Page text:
Call Rouse Hill: (02) 8882-9771

Call St. Marys : (02) 9623-0270

Email :

National Psychology Week

Grill Team
Triple M’s, The Grill Team, and Steven McDavitt promote men’s mental Health for National Psychology Week.
Advantage Psychology, a Western Sydney psychology practice, is launching a new campaign to raise awareness of men’s mental health during National Psychology Week (NPW) 2012. The campaign slogan “It takes balls to ask for help!” challenges pervasive attitudes suggesting that seeking help is a sign of weakness in men. NPW 2012 runs from 11-17 November and aims to increase public awareness about psychology, psychological issues and the role psychologists play in community wellbeing.

Audio clip: Adobe Flash Player (version 9 or above) is required to play this audio clip. Download the latest version here. You also need to have JavaScript enabled in your browser.

About Men’s Mental Health

Some estimates suggest that up to 45% of Australians will experience a mental illness at some stage in their lives and 1 in 5 Australians will experience a mental illness in any 12-month period.[1] Men and women experience similar rates of mental illness; however, men are far less likely than women to seek help from a GP or psychologist. Psychologist Steven McDavitt reports, “Men and women experience similar levels of mental health problems, yet at Advantage Psychology only about 30% of our adult clients are men. This is especially concerning given that Australian men are almost 5 times more likely than women to end their lives by suicide. We know there are many more men in Western Sydney in need of help than actually getting it, and this campaign is about increasing men’s access to help when they need it.”

There are many factors contributing to the differing help-seeking behaviours in men and women. Seeking help can often be seen as contradictory to stereotypical ‘male roles’ such as being the leader, or the protector, or the ‘rock’. By acknowledging and seeking help for a mental health problem, some men may feel embarrassed or as though they are not living up to their expectations as a man. Another issue may be that traditional mental health services may not be ‘male-friendly’ enough, reducing the likelihood that men will engage with them.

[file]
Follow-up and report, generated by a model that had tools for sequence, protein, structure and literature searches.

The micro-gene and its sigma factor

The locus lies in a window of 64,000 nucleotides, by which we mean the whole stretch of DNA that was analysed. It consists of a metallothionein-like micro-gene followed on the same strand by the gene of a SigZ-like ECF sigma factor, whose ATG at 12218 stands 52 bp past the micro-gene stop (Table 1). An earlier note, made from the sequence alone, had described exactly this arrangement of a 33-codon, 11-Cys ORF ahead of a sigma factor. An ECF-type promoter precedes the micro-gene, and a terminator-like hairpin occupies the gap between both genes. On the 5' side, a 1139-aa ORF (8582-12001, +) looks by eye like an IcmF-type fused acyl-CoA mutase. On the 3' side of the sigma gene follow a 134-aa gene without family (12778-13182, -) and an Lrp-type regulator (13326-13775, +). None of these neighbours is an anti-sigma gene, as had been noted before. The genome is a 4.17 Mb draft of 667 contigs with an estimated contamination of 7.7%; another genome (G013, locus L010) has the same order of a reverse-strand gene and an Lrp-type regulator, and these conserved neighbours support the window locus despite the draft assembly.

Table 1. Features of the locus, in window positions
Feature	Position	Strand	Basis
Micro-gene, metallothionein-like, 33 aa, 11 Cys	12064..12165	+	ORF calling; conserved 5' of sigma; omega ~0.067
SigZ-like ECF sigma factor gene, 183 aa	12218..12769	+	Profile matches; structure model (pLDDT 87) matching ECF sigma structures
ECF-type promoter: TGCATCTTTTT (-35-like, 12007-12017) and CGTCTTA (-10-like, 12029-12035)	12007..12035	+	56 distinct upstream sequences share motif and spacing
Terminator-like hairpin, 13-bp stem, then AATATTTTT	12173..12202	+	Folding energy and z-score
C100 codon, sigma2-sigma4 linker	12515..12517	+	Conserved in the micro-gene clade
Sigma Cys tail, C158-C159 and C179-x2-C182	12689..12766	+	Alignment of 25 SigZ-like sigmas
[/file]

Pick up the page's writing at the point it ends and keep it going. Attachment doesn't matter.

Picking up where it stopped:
To this end, Advantage Psychology has a number of individual and group therapy options to increase men’s mental wellbeing. The Just Do It! group for men, is a men only group program that uses evidence-based techniques to help stressed men get more  out of their lives by increasing motivation, activation, and helping to lift persistent low mood. Advantage Psychology has also delivered a number of free community seminars on dealing with anger, coping with bullying, building better relationships, and parenting.

Men experiencing mental health problems are not alone. Advantage Psychology is utilising NPW to encourage men experiencing difficulties to speak with their GP about the benefits of talking to a psychologist. In a recent survey conducted by Advantage Psychology, 40% of male clients said it took them more than 6 months between recognising they were having problems and actually seeking help. Yet 100% of these men said they would recommend other men to talk to a psychologist. The truth is: the first step towards asking for help is the often hardest. It takes balls to ask for help. If you or someone you know is experiencing distress, don’t hesitate to visit your local GP or call Advantage Psychology on 9623 0270 to find out how we can help.

[1] Australian Bureau of Statistics. (2008). National Survey of Mental Health and Wellbeing of Australians: Summary of Results. Canberra: ABS.
Last Updated: 2 Dec, 2012

Sorry, the comment form is closed at this time.